Let’s Get Started

Clone the example project and open it in Android Studio.

Fragment

When designing the fragment class, we must be clear what the fragment class should do and what it should not.

Keeping the SRP principle, the work of the fragment is to present the data to the user and listen to the user actions, nothing more, nothing less.

For the fragment to present the data, it needs data from data sources. Should it get the data by itself? No, it should delegate the work to Interactor by using the interfaces. Let us define the interface:

interface HomeInteractorInput {
    fun fetchHomeData(request: HomeRequest)
}

We define a member in the Fragment class that will hold the implementation instance of the interface. The onCreate method of the Fragment should call the method that will retrieve the data for activity.

class HomeFragment : Fragment(), HomeFragmentInput {
    lateinit var output: HomeInteractorInput

    override fun onCreateView(inflater: LayoutInflater, container: ViewGroup?,
                              savedInstanceState: Bundle?): View? {

        val view =  inflater.inflate(R.layout.fragment_home, container, false)
        HomeConfigurator.configureFragment(this)
        fetchData()
        return view
    }

    fun fetchData() {
        // create Request and set the needed input
        val homeRequest = HomeRequest()
        homeRequest.isFutureTrips = true
        // Call the output to fetch the data
        output.fetchHomeData(homeRequest)
    }
}

Wait a minute, how will the output member be initialized with the proper implementation?

Configurator does the wiring of the dependencies; more on that later.

Worried about writing too much boilerplate code? If you use the KotlinCleanCode4Android scaffolding tool, these classes will be autogenerated for you.

Let us focus on the testing and write a test case to test the Fragment; you can refer to the code here. We will use Robolectric instead of JUnit to test the fragment, as Robolectric does the heavy lifting of mocking the Android ecosystem like context, android logs, etc.

We will write a simple test case to see if the Fragment is created. I call this a Canary test, to see if the basic pieces were wired properly.

@Test
    fun fragment_ShouldNOT_be_Null() {
        // Given
        val fragment = HomeFragment()
        // When

        // Then
        Assert.assertNotNull(fragment)
    }

Now that we know the fragment is indeed created, let us check if the Interactor method is called and see how we can test the fragment without Interactor.

You should be able to test without actually using Interactor. Let us use a spy to check if the method is called.

Want to understand the ideas behind spies, mocks, and stubs, check here.

Let us create the spy for the interface HomeInteractorInput.

class HomeFragmentOutputSpy : HomeInteractorInput {

        var fetchHomeDataIsCalled = false
        lateinit var homeRequestCopy: HomeRequest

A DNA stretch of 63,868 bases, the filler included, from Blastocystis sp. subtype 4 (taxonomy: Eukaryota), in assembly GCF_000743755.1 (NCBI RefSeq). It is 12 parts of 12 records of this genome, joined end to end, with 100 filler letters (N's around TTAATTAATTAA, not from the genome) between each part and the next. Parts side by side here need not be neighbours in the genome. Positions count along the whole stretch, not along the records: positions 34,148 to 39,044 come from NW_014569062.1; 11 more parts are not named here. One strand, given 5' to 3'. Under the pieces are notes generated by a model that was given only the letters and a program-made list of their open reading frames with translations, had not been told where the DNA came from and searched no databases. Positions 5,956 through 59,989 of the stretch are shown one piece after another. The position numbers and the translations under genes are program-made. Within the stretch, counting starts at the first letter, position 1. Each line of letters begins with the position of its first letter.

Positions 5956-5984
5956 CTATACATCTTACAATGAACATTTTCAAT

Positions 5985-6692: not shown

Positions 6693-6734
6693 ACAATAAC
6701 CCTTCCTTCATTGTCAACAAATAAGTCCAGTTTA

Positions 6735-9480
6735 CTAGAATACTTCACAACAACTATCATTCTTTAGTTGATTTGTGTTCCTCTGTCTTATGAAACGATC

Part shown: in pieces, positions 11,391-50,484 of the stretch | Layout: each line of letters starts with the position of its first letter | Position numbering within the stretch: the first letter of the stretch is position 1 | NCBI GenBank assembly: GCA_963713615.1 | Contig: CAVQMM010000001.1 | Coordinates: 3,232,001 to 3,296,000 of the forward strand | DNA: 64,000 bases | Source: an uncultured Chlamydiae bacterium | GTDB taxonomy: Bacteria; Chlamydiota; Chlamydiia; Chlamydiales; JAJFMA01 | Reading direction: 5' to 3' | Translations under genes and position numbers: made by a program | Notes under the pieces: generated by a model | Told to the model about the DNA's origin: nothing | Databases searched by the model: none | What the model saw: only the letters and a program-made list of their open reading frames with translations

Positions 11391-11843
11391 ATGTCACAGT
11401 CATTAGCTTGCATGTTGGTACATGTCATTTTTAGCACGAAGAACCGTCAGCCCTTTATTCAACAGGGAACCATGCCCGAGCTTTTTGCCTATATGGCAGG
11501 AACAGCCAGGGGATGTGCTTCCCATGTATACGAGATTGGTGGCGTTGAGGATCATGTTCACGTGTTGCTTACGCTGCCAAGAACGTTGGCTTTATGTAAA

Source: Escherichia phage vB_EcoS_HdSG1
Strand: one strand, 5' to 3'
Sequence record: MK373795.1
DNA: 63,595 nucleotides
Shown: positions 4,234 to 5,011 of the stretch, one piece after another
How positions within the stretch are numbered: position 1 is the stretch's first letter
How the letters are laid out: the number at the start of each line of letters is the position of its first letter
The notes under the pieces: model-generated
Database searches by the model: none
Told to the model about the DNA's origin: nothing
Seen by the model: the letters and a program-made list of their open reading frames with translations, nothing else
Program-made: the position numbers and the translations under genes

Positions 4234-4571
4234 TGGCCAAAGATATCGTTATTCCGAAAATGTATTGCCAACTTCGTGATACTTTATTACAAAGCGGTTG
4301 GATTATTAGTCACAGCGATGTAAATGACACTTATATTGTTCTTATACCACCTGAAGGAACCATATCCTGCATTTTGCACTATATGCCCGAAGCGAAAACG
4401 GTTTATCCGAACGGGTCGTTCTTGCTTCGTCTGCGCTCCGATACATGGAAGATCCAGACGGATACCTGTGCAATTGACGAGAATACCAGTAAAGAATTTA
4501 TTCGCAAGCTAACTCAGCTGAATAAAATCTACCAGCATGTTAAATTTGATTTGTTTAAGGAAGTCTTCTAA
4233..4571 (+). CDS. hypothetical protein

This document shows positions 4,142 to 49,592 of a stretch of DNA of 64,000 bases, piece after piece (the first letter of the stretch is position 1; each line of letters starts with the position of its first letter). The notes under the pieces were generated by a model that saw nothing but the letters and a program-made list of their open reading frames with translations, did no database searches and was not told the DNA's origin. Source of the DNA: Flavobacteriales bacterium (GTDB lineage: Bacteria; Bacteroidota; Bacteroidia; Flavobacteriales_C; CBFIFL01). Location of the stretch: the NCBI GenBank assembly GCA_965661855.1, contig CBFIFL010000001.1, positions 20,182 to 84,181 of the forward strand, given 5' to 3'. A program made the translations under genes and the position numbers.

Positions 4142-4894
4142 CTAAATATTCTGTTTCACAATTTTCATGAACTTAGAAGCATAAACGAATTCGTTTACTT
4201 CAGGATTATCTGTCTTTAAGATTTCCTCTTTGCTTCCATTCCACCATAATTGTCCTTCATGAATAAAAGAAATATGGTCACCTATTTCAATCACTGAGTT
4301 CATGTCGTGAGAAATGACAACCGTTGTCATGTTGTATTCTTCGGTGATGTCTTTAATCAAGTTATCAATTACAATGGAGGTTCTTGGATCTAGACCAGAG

override fun fetchHomeData(request: HomeRequest) {
            fetchHomeDataIsCalled = true
            homeRequestCopy = request
        }
}

The code is self-explanatory, it implements the interface and needed methods of the interface. Also, as a spy, it records the input and sets the member to record the method it has called.

Let us create the test method to test that Interactor is called.

@Test
    fun onCreateView_shouldCall_fetchHomeData() {
        // Given
        val fragmentOutputSpy = HomeFragmentOutputSpy()

        // It must have called the onCreateView earlier,
        // we are injecting the mock and calling the fetchData to test our condition
        val homeFragment = HomeFragment()
        homeFragment.output = fragmentOutputSpy

        // When
        homeFragment.fetchData()

        // Then
        Assert.assertTrue(fragmentOutputSpy.fetchHomeDataIsCalled)
    }

Let us also test if the interactor method is called and has been given the right input.

@Test
    fun onCreateView_Calls_fetchHomeMetaData_withCorrectData() {
        // Given
        val fragmentOutputSpy = HomeFragmentOutputSpy()
        val homeFragment = HomeFragment()
        homeFragment.output = fragmentOutputSpy

        // When
        homeFragment.fetchData()

        // Then
        Assert.assertNotNull(homeFragment)
        Assert.assertTrue(fragmentOutputSpy.homeRequestCopy.isFutureTrips)
    }

Though we are unit testing a class that has simple logic, you may understand how powerful this design pattern is, which enables the developer to test whether the method is called and see the values of the parameters that are passed. In fact, the developer can unit test the fragment class, piece by piece.

Before we close this exercise, run the test cases with code coverage (Android Studio → Menu →Run →Run with coverage) and see for yourself how much of the Fragment class is covered.

In the next post, we'll cover Interactor. 

Acknowledgments

Logo by Suresh C R

Article Inspired by Clean Swift

Topics:
clean code ,mobile development ,kotlin android tutorial ,web dev ,unit testing tutorial